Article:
Thursday, March 5, 2009

CIA Deer Gun

I thought this was an interesting pistol. The original OSS Liberator pistol built during WWII was chambered in 45 ACP while the CIA Deer gun made for Vietnam was chambered in 9mm.

Found it here where all sorts of fire arms for sale at James Julia.

Details below:

CIA DEER GUN CLANDESTINE SINGLE SHOT PISTOL. SN NSN. Cal.9mm. 1-7/8" blued steel bbl. Single shot. Manufactured around 1964 as an updated version of the famous Liberator pistols which were dropped behind enemy lines in WWII. The "Deer" gun was designed to be dropped in Southeast Asia during the Vietnam war. The guns never made it to Vietnam and the CIA denies their existence. It is rumored that the guns were destroyed and only a handful survived. The frame is one piece cast aluminum with raised checkering on the grip area which was hollow to house a few extra rounds of ammunition. A groove runs down a ramp on top for sighting. The barrel unscrews for loading and removing the empty casing. A cocking knob was pulled until cocked. The aluminum trigger featured no trigger guard. Included with the pistol are a set of orig engineering drawings which may be orig blueprints. Copies of the orig instructions are also included, which show how to use the gun against enemy with a hammer and sickle on his sleeve.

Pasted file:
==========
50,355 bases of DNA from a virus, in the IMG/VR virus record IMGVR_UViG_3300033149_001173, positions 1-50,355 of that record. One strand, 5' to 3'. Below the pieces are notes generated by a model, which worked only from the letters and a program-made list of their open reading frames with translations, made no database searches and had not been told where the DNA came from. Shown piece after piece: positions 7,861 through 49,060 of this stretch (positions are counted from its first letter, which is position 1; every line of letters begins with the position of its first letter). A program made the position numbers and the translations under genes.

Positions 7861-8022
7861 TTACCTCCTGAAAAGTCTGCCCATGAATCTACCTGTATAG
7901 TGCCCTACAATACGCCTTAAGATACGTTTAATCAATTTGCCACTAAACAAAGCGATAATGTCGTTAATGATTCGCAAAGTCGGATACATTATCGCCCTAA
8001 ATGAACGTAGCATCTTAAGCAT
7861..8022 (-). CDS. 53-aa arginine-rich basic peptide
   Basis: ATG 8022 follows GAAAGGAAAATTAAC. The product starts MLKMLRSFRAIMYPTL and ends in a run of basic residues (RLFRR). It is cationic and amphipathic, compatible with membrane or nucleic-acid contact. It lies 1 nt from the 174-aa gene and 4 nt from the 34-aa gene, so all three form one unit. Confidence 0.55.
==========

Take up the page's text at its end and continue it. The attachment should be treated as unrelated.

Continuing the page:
OSS LIBERATOR PISTOL. SN NSN. Cal. 45 ACP. Small, compact single shot pistol manufactured in 1942 by the Guide Lamp Division of General Motors. The pistols are made of stamped sheet metal, spot welded together with a 4" stepped smooth bore bbl, crude fixed sights with a simple striker firing mechanism that has a heavy zinc striker head. The OSS (Office of Strategic Services) was the clandestine predecessor to today's CIA and the primary American agency running agents and disinformation programs against the Axis powers during the war. They came up with the idea to produce a cheap but effective single shot pistol to drop behind the lines to partisans to be used to obtain better quality weapons from the enemy. In May of 1942 the Government signed a contract with General Motors for 1 million of these pistols which General Motors was able to complete in just about four weeks at a cost of $1.72 each. The pistols were then packaged in a waxed, waterproof carton with a cartoon-like wordless instruction sheet, 10-rds of ammunition and a small dowel to be used as an ejector for the empty cases. Most of the entire production was shipped to England and the Pacific but little is known of their actual use. It is reported that most of the pieces shipped to England were never used and after the war were melted down for scrap. Obviously any that were dropped behind enemy lines were probably all lost and with the destruction of the shipments to England, very few survive today, especially complete units.

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